(Washington, DC) – In solidarity with the #MeToo movement, several Members of Congress, including Reps. Annie Kuster (NH-02), Lois Frankel (FL-21), Brenda Lawrence (MI-14), Jackie Speier (CA-14), Bonnie Watson Coleman (NJ-12), Susan Davis (CA-53), Katherine Clark (MA-05), and Mike Quigley (IL-05), will bring sexual harassment survivors and advocates as guests to President Trump’s State of the Union address tonight at 9:00 PM ET.
Congresswoman Kuster, the founder and co-chair of the Bipartisan Task Force to End Sexual Violence, has long been a champion for survivors of sexual and domestic violence, sharing her own personal experiences involving sexual assault on the House floor and joining with 17 other Members of Congress to read Emily Doe’s open letter describing her attack and ensuing trial – which marked the first time a victim’s statement has been read in full in the House chambers. Congresswoman Kuster will bring Chessy Prout, a survivor of sexual assault, as her guest.
“The #MeToo moment has truly turned into a national movement,” said Congresswoman Kuster. “I’ve been inspired by the courage of Chessy Prout and other survivors of sexual violence, who are bravely using their experiences to let others know they are not alone. By wearing black tonight we are sending a message to the nation that we will not rest until we’ve changed the all too persistent culture of sexual harassment and violence.”
Rep. Frankel, Chair of the Democratic Women’s Working Group, will bring Laura Germino, Co-Founder of the Coalition of Immokalee Workers (CIW) and their Fair Food Program, which successfully protects the right of tomato workers to work free from sexual harassment and assault by partnering with large retailers to ensure they only purchase tomatoes from growers that maintain a safe and dignified workplace.
“Laura’s tireless efforts to provide workers with a safe, dignified workplace is an example that all industries – from farms, to hotels, to Hollywood – can follow,” said Rep. Frankel. “Our nation is in the middle of a cultural revolution, where workers are demanding respectful workplaces that are free of sexual harassment. I’m bringing Laura and her success story to Washington to echo that call.”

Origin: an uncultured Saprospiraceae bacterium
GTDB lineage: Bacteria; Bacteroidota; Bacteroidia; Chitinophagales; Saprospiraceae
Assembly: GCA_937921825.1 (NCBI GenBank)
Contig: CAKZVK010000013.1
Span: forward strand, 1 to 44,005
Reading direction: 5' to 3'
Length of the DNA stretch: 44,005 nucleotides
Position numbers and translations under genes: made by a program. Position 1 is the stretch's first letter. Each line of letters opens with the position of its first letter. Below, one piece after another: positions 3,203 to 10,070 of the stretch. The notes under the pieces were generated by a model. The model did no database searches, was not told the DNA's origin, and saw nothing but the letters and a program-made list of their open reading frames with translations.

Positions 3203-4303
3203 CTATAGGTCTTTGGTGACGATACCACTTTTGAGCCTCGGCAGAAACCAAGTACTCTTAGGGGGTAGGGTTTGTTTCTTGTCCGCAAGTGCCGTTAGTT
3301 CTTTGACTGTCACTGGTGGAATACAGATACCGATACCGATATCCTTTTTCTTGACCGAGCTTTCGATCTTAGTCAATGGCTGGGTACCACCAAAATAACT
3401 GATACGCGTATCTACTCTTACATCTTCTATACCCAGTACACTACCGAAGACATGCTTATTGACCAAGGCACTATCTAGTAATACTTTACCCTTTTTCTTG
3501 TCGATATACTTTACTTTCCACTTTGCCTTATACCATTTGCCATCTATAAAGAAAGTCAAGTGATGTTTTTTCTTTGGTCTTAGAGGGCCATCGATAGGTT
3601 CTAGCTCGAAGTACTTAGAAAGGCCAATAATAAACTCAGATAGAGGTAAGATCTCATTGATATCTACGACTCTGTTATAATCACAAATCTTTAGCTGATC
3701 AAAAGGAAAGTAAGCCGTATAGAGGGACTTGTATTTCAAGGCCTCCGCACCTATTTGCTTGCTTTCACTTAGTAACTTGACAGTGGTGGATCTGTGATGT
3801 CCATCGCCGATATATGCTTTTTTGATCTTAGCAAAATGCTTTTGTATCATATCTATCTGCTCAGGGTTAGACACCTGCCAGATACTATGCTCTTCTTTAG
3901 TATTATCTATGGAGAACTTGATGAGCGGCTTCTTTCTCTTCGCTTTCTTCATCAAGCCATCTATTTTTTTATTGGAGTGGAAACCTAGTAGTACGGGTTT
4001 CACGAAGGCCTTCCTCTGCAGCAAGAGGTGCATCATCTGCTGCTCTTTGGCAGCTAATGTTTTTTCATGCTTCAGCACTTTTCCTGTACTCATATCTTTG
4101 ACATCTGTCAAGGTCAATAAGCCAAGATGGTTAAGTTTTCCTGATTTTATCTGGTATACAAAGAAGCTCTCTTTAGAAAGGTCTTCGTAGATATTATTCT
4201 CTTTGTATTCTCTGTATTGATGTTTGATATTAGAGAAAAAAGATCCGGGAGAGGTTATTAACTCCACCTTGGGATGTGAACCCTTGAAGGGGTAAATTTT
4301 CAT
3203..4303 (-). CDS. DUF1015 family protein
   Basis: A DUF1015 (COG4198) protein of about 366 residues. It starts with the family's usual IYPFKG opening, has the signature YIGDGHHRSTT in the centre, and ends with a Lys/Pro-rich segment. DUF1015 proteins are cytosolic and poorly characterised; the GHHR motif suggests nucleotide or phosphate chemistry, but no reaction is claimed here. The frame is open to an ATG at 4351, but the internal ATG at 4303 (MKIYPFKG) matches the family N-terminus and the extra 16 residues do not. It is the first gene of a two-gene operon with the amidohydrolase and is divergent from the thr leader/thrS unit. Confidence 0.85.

Rep. Lawrence, Vice Chair of the Democratic Women’s Working Group, will be joined by Danielle McGuire, a historian and author who wrote a book shining a light on Recy Taylor.
“Wearing black during the State of the Union address is a strong sign of solidarity with victims of sexual misconduct, sexual harassment and sexual abuse. Also, women members of the Congressional Black Caucus will be wearing red pins as a tribute to Recy Taylor, an African American woman who was kidnapped and raped by six white men in Alabama in 1944, threatened with death if she reported the incident but spoke out anyway, only to have the men go free.
This is why I am so glad to host as my guest for the State of the Union address award-winning author and historian Danielle McGuire, who had the conviction and courage to investigate and shine light on the story of Recy Taylor through her book “At the Dark End of the Street: Black Women, Rape, and Resistance — A New History of the Civil Rights Movement from Rosa Parks to the Rise of Black Power”.
Sexual abuse and failure of the judicial system in administering justice has been a reality for too many for too long and we certainly cannot and will not stand for it. But more than show unity with our colors, we must show strong unity with our actions. Awareness and action for these issues are long past due. Time’s up for the abuse, neglect and injustice; and the time for action and change—real change, is right now,” said Rep. Lawrence.
Congresswoman Speier, Policy and Communications Chair of the Democratic Women’s Working Group, will bring Travis Moore, one of the leading advocates for survivors of sexual harassment and violence in Congress. In addition to being a leading voice in the #MeToo Congress movement, Travis is the Founder and Director of TechCongress. TechCongress places technologists to work directly for Members of Congress and Congressional Committees on key policymaking challenges through its one-year Congressional Innovation Fellowship. Fellows are designing policy on critical issues including Russian hacking, encryption, facial recognition privacy, and autonomous vehicle regulation. Travis worked on Capitol Hill for six years and was the Legislative Director for Rep. Henry A. Waxman, helping guide Rep. Waxman’s work on technology, health care, and the environment. He founded Congress’ first digital communications training program and the institution’s first Congressional staff conference.